Knight went to great lengths to make the camp invisible from the ground and the air, even covering a yellow shovel with a black bag. Knight never had a fire, even on the coldest days, for fear of being detected. He covered shiny surfaces, like his metal trash cans, with moss and dirt and painted green a clear plastic sheet over his tent.

Knight even situated his campsite facing east and west to make the best use of the sun throughout the day.

Knight's abilities at concealment at first made Hughes believe that he must be a military veteran.

(Continued on page 3)

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Additional Photos

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Somerset County Sheriff's Department Cpl. Gene Cole, left, helps Maine State Police Trooper Diane Perkins-Vance inventory money recovered from Christopher Knight on Tuesday at the Pine Tree Camp in Rome. Knight, a hermit who lived in the woods since April 1986, was apprehended when he broke into the camp, police claim. He was captured carrying a knapsack and bag of tools. Many of bills date from the 1980s and 1990s, Perkins-Vance said, and were never circulated by Knight.

Staff photo by Andy Molloy

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Pine Tree Camp facility manager Harvey Chesley inspects a door that Christopher Knight alleged broke open in the dining lodge at the Rome camp, on Tuesday. Knight, a hermit who lived in the woods since April 1986, was arrested in after allegedly breaking into the lodge on Thursday, according to Warden Service Sgt. Terry Hughes.

Staff photo by Andy Molloy

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Tools recovered in a bag that Christopher Knight was carrying when he was apprehended at Pine Tree Camp in Rome Tuesday.

Staff photo by Andy Molloy

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Christopher Knight was arrested at Pine Tree Camp in Rome carrying candy, potato chips, a ball cap, poncho and a wristwatch that were all allegedly stolen from the camp.

Staff photo by Andy Molloy

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Game wardens and state police retrieve global positioning coordinates before hiking to Christopher Knight's camp in Rome Tuesday.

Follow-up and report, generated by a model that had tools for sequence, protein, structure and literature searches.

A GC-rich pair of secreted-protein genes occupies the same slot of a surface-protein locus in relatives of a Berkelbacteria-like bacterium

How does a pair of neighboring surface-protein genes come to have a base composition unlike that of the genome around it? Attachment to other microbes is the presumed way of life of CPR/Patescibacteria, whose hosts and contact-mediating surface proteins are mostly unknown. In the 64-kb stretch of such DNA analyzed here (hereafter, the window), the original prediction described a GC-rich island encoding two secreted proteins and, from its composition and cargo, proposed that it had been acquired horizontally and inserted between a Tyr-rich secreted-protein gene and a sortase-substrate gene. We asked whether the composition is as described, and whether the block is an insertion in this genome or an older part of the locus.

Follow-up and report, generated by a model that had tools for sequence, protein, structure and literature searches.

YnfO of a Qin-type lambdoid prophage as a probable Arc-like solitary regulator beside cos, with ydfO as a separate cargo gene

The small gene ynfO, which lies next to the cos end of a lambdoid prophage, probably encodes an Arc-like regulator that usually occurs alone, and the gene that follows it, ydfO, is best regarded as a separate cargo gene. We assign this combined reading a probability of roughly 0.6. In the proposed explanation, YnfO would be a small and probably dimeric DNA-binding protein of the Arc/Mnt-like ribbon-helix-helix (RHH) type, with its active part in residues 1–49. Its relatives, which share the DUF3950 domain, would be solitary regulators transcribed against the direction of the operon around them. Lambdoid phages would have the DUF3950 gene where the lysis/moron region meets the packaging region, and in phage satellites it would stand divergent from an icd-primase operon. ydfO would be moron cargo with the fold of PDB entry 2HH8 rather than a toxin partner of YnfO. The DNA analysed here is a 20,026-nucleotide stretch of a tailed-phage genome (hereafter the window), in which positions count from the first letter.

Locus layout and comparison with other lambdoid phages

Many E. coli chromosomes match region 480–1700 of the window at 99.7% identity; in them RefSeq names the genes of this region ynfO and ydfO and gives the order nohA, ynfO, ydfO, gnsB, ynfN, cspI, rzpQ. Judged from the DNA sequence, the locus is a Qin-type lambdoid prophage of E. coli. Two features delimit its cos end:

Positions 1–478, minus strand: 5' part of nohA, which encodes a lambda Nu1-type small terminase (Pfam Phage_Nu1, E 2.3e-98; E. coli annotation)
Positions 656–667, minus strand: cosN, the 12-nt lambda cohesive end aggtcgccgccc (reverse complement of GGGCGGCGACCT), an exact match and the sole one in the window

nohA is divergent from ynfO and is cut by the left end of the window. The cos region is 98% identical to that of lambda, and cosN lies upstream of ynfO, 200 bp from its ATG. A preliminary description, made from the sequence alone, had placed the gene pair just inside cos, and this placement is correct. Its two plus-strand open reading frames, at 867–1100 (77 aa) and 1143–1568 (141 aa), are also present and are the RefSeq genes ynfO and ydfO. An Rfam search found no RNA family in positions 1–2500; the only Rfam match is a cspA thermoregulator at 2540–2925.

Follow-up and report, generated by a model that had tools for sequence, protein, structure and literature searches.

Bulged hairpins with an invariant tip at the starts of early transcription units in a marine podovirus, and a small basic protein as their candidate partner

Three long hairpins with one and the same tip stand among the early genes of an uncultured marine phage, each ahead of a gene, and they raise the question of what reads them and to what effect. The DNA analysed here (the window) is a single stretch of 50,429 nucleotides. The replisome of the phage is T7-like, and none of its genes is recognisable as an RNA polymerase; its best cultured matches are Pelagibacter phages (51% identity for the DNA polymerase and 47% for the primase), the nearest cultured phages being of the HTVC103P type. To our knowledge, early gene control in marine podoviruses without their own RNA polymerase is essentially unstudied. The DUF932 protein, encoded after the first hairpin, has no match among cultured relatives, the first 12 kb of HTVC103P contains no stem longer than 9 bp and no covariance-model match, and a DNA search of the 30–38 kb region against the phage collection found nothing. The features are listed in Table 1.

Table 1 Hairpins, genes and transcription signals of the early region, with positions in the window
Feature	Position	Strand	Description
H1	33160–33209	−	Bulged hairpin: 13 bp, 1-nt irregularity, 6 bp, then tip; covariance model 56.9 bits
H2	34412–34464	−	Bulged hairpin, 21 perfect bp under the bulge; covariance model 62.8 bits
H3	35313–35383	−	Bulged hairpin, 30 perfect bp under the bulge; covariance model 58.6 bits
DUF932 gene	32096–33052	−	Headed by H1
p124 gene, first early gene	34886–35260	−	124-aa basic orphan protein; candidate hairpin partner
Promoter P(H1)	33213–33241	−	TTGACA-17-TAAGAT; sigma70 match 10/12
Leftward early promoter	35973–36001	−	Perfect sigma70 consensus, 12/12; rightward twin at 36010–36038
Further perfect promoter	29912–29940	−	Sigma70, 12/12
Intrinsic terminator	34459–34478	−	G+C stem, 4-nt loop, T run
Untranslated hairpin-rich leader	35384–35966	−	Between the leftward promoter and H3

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Game wardens, state police and Somerset County sheriff's deputies hike to Christopher Knight's campsite in Rome Tuesday.

Staff photo by Andy Molloy

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Christopher Knight's campsite, located in a remote stand of woods in Rome, moments before game wardens, state police and Somerset County sheriff's deputies inspected the camp Tuesday.

Staff photo by Andy Molloy

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Game Warden Aaron Cross photographs Christopher Knight's camp Tuesday.

Staff photo by Andy Molloy

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A surveillance photo taken in 2011 allegedly shows Christopher Knight, a hermit police believe engaged in more than 1,000 burglaries to support his lifestyle.

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Game Warden Sgt. Terry Hughes, right, and District Warden Dave Ross inspect Christopher Knight's camp Tuesday.

Staff photo by Andy Molloy

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Christopher Knight's camp on Tuesday in a remote, wooded section of Rome.

Staff photo by Andy Molloy

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A television found at Christopher Knight's camp on Tuesday.

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District Game Warden Aaron Cross inspects Christopher Knight's camp Tuesday.

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Christopher Knight's camp Tuesday in a remote, wooded section of Rome.

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District Game Warden Aaron Cross exits Christopher Knight's camp Tuesday.

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Coffee cups, lights and a clock hang under a tarp in Christopher Knight's camp Tuesday.

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Christopher Knight's 1984 Lawrence High School senior photo, taken from the yearbook.